Here in Show Low, which was named for a turn of the cards in an 1800’s property dispute between two ranchers — low card takes all — hardened partisan orthodoxy is exactly the problem. “Both parties are out for themselves,” said Greg Butler, Hal Butler’s son, who grew up a Democrat but changed to independent in 2004 and said he was supporting candidates in both parties this year. “I think you’ve got a right to do what you want and a right not to be labeled — I like that,” said Mr. Butler, 56.
His son, Dusty Butler, 26, skipped the Democratic phase entirely and went right to independent when he registered for the first time. He plans to vote mostly for Republicans next month, he said.
“I asked Dad a lot of questions, and it made sense to me,” he said.
Some Navajo County residents say that because lots of Democrats have voted for Republicans over the years, and vice versa, the divisions between the parties are not as pronounced here, which makes it easier to abandon the idea of a party at all.
Other people say the major parties have simply made people angry.
Hal Butler said that some of environmental protection rules under the Clinton administration, including restrictions on mining, ranching and forestry — the big three traditional industries here in Navajo County — were not popular, to say the least. But Mr. Butler said the Republicans had made no friends by promising to reverse the Clinton rules and mostly failing to follow through.
Mr. Butler said he had kept his Democratic Party membership, for now, in support of his son Gary H. Butler, a Democrat who has been the elected Navajo County sheriff for the last 18 years. When Gary Butler retires in two years, Hal Butler said, that obligation will end and he will quit the Democratic Party and turn independent.
Gary Butler, 60, said he, too, planned to resign his party membership upon retirement, though he was not sure where he would go.
“Right now, both parties are way too far apart and nobody is looking out for the good of the people,” he said.
From the Libertarian in the Race the article was about.
A birthday present from the mainstream media
Posted On 10-24-2006 , 11:24 AM
The New York Times has a profile of my Congressional race in today's paper - “In Southwest, a Shifting Away From Party Ties.” It's all about how voters in the southwest US are moving away from Rs and Ds, and the Republican's campaign even mentions how important the libertarian vote is becoming.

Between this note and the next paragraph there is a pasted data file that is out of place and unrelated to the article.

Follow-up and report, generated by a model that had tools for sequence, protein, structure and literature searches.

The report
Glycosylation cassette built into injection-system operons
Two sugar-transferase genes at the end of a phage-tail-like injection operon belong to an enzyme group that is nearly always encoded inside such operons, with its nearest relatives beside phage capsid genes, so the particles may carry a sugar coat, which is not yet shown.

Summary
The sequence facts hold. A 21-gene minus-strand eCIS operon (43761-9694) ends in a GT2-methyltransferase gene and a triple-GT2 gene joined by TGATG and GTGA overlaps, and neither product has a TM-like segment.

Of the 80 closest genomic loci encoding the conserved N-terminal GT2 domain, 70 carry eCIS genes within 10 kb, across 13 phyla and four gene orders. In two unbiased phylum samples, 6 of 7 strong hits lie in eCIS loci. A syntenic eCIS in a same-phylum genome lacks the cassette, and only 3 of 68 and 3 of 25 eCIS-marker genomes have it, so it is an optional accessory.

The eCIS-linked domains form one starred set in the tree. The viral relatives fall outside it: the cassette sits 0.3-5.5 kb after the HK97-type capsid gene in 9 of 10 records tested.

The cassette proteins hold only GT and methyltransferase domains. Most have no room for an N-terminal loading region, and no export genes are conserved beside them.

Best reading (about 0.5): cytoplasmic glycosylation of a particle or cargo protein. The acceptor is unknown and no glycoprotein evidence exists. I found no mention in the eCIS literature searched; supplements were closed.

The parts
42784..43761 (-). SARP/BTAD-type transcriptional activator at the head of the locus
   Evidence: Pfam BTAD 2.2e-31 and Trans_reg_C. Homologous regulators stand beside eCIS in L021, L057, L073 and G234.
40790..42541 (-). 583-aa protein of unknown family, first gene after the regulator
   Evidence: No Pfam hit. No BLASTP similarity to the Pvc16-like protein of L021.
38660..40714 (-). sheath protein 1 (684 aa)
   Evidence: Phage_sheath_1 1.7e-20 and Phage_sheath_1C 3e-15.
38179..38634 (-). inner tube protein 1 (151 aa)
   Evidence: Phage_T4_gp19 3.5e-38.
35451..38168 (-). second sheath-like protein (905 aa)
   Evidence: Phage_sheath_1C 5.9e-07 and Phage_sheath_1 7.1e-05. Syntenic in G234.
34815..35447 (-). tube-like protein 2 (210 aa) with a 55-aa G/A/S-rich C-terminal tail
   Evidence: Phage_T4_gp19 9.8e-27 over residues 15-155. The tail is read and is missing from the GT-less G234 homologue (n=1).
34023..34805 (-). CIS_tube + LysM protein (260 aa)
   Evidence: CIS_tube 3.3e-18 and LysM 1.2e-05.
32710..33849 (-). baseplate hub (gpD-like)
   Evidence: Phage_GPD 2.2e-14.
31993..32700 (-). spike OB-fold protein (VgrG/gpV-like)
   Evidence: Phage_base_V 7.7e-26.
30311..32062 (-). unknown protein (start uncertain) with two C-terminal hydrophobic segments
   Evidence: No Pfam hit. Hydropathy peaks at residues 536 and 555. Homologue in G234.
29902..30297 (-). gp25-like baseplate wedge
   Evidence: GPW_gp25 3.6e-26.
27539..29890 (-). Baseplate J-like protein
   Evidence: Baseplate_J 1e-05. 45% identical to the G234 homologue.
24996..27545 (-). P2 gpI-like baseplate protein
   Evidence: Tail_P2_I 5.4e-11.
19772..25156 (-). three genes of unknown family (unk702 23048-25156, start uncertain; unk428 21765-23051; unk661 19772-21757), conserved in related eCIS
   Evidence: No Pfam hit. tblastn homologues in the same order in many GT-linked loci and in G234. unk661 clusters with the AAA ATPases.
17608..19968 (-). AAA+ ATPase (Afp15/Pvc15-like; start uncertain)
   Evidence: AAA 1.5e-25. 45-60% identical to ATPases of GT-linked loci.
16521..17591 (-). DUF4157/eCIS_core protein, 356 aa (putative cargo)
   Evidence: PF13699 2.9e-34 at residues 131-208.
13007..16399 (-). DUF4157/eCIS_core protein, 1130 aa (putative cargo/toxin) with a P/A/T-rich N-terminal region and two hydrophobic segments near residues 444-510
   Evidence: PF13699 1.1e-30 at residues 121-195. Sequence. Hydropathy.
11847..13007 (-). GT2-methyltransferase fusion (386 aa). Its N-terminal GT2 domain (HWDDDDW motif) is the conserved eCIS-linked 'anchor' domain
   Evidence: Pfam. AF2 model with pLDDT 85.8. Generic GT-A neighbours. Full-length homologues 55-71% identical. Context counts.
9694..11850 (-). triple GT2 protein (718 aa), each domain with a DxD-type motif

The only thing missing is the Libertarian candidate.
(Publisher FreedomsPhoenix: "You don't think this was an accident do you?"
Here is the note I wrote to the reporter, copying the NYT ombudsman (their email addresses are in the message header, if you would like to also add your voice).
From: David Schlosser
Sent: Tuesday, October 24, 2006 8:23 AM
To: kjohn (@) nytimes.com
Cc: public (@) nytimes.com
Subject: Hey, Kirk, I'm the guy you wrote that story about
How could a bureau chief of the nation’s paper of record write an entire story (“In Southwest, a Shifting Away From Party Ties,” NYT, 24 October 2006, ~1750 words) about independent and third-party voters in Arizona’s 1st Congressional District without talking to the candidate who represents an alternative to the R and D candidates you did talk to? If it weren’t such a flagrant and disgraceful example of poor, lazy reporting, I would think it must be a joke.
As the Libertarian candidate for US Congress in AZ1, I have been advertising on TV since mid-August. I will, by the end of the campaign, participate in at least 10 joint appearances with one or both of the major-party candidates. In the past week alone, I’ve put more than 2,000 miles on my car campaigning through this sprawling district. I have raised nearly $30,000 – small by R/D standards, but a record-breaking amount for non-R/non-D candidates in Arizona. I have earned more than 100 mentions in the state’s broadcast and print news media in recent weeks and, on the Libertarian Party’s national candidate tracker, rank in performance/success behind the party’s former Presidential candidate, who has raised more than $300,000 in TX10.
I’m adjunct faculty at the Northern Arizona University School of Communication. According to the departmental rules on grading journalistic writing assignments, this one would have earned you an “F.” I would be more than happy to help remediate this situation by corresponding or visiting with you at your convenience.
With sincere best wishes for your continued success,
Schlosser for Congress - Arizona's 1st
103 E Mohawk Dr | Flagstaff AZ 86001-6904 | 928-255-0195
Freedom - Responsibility - Accountability ... to balance the checkbook